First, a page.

For the last month or so, every time I’ve browsed LinkedIn, scanned a newsletter in my email or joined an online Twitter chat, the topic of artificial intelligence (AI) pops up.
It’s a sizzling hot topic.
With the launch of ChatGPT and other similar artificial intelligence content creation programs, it’s not surprising creatives of all types are giving the technology a whirl.
I just watched an AI-generated music video for an old Black Sabbath song that was entertaining, but blatantly based on keyword matches for imagery and not the song’s deeper political messaging.
The video was visually interesting, but not meaningful, authentic or memorable. And that’s exactly why I’m not too worried about some AI program taking over my career as a writer.
There are some things technology simply can’t do.
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1. AI Can’t Follow My Narrative
Many of my readers have followed my journey for years. I write candidly about my health challenges, growing my writing business and a bit of everything in between. The daily life snippets I share with an ongoing storyline from week to week and the anecdotal references to past situations (and blog posts) simply can’t be generated by AI software.
2. AI Can’t Express My Emotions
Years ago when I wrote about managing rheumatoid arthritis for Everyday Health magazine, I went deep. I chatted about feelings, fears, triumphs and wins. I not only shared health facts, but also the emotions tied to them and how they affected me in a very real way. I haven’t seen any AI content that can connect me with the author with that raw, emotional capacity.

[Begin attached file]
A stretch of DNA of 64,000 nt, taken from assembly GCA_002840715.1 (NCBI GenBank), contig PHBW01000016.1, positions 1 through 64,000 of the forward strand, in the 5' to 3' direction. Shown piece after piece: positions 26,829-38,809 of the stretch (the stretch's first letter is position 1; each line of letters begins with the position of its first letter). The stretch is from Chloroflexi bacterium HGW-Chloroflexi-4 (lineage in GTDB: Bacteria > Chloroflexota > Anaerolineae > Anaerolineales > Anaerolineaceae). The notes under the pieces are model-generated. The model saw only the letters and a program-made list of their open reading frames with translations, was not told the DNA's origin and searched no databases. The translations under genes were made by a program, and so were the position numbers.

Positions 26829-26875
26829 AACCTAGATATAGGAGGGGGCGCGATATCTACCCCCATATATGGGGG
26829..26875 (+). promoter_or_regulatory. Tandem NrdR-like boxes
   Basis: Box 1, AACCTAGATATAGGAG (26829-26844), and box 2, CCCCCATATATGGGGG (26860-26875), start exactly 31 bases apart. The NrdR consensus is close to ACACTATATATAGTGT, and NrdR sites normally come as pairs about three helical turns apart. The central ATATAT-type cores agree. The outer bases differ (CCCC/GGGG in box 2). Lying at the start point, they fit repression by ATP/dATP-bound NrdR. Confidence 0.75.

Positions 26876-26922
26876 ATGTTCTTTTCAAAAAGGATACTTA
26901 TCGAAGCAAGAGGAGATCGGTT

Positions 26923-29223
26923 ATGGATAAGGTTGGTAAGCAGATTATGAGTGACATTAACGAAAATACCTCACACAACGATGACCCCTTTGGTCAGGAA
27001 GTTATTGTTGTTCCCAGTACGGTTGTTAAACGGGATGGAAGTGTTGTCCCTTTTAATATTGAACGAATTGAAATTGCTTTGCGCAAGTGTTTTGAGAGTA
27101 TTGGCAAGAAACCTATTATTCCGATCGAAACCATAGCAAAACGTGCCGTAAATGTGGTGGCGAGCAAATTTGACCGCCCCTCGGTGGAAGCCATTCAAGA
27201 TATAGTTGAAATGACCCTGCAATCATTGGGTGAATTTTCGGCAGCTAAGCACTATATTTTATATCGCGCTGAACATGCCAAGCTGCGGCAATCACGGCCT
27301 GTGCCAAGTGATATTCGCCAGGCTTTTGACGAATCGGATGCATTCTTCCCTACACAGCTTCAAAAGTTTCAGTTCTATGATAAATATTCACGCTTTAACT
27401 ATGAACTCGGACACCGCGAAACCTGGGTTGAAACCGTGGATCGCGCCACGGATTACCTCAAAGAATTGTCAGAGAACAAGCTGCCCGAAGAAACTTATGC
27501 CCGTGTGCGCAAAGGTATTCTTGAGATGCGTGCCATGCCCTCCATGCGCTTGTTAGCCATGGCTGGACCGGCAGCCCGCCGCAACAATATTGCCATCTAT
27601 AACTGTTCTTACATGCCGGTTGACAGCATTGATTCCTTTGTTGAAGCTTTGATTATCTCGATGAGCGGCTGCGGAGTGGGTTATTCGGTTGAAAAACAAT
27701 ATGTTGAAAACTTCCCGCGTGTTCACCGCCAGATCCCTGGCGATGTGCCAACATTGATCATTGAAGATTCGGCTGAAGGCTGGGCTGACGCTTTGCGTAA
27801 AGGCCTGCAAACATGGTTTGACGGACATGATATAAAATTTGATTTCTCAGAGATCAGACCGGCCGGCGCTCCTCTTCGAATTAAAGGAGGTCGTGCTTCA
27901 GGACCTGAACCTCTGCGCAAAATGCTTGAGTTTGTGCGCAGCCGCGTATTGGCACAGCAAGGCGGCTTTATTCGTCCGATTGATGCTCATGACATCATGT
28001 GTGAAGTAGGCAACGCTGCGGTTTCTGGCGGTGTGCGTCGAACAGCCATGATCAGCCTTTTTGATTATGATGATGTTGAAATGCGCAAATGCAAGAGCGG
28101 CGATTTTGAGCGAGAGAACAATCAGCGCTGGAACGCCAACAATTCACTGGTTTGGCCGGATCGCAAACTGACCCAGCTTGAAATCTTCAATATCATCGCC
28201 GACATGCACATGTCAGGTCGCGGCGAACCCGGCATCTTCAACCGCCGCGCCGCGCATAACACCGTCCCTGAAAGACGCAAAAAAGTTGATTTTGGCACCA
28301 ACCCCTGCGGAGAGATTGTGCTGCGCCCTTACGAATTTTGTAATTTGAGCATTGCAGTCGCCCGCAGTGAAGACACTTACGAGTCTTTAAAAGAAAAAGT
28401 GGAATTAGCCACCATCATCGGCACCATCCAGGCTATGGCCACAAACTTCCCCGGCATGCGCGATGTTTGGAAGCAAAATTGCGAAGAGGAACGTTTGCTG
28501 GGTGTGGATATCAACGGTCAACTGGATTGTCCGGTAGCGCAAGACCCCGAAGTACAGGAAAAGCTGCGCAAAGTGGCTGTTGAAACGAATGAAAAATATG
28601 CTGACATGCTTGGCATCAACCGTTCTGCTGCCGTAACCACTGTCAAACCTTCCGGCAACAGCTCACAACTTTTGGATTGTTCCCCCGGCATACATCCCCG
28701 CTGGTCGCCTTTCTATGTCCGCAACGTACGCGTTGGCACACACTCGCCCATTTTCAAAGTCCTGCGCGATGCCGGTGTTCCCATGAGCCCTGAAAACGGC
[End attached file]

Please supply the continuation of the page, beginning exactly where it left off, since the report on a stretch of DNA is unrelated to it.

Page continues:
3. AI Can’t Tell My Story
Yes, AI can source supporting facts, definitions and information, but it will never be able to document my heartfelt experience. Those opening paragraphs that dive into a storytelling scenario that only I have experienced will always originate from my brain before landing on the keyboard. No software can share those lived missives.
I Don’t Hate AI, It’s Actually Helpful
Over the past year, I’ve had a few content marketing clients come to me with “rough drafts” that needed polishing. I could tell they were AI-generated. My job as a HUMAN writer was to add some personality, increase the conversational tone and of course, double-check all the facts and back them up with sources.
The AI content wasn’t bad.
It was like dry, straightforward textbook material that need some finessing. Re-working AI content actually reminds me of my clients who like to provide detailed writing outlines to follow when creating content to fit a specific rung on their buyer’s journey. Really, I just have to round out the information, make it flow well and be sure it targets their readership. Fun!
AI Isn’t going away, and that’s fine with me.
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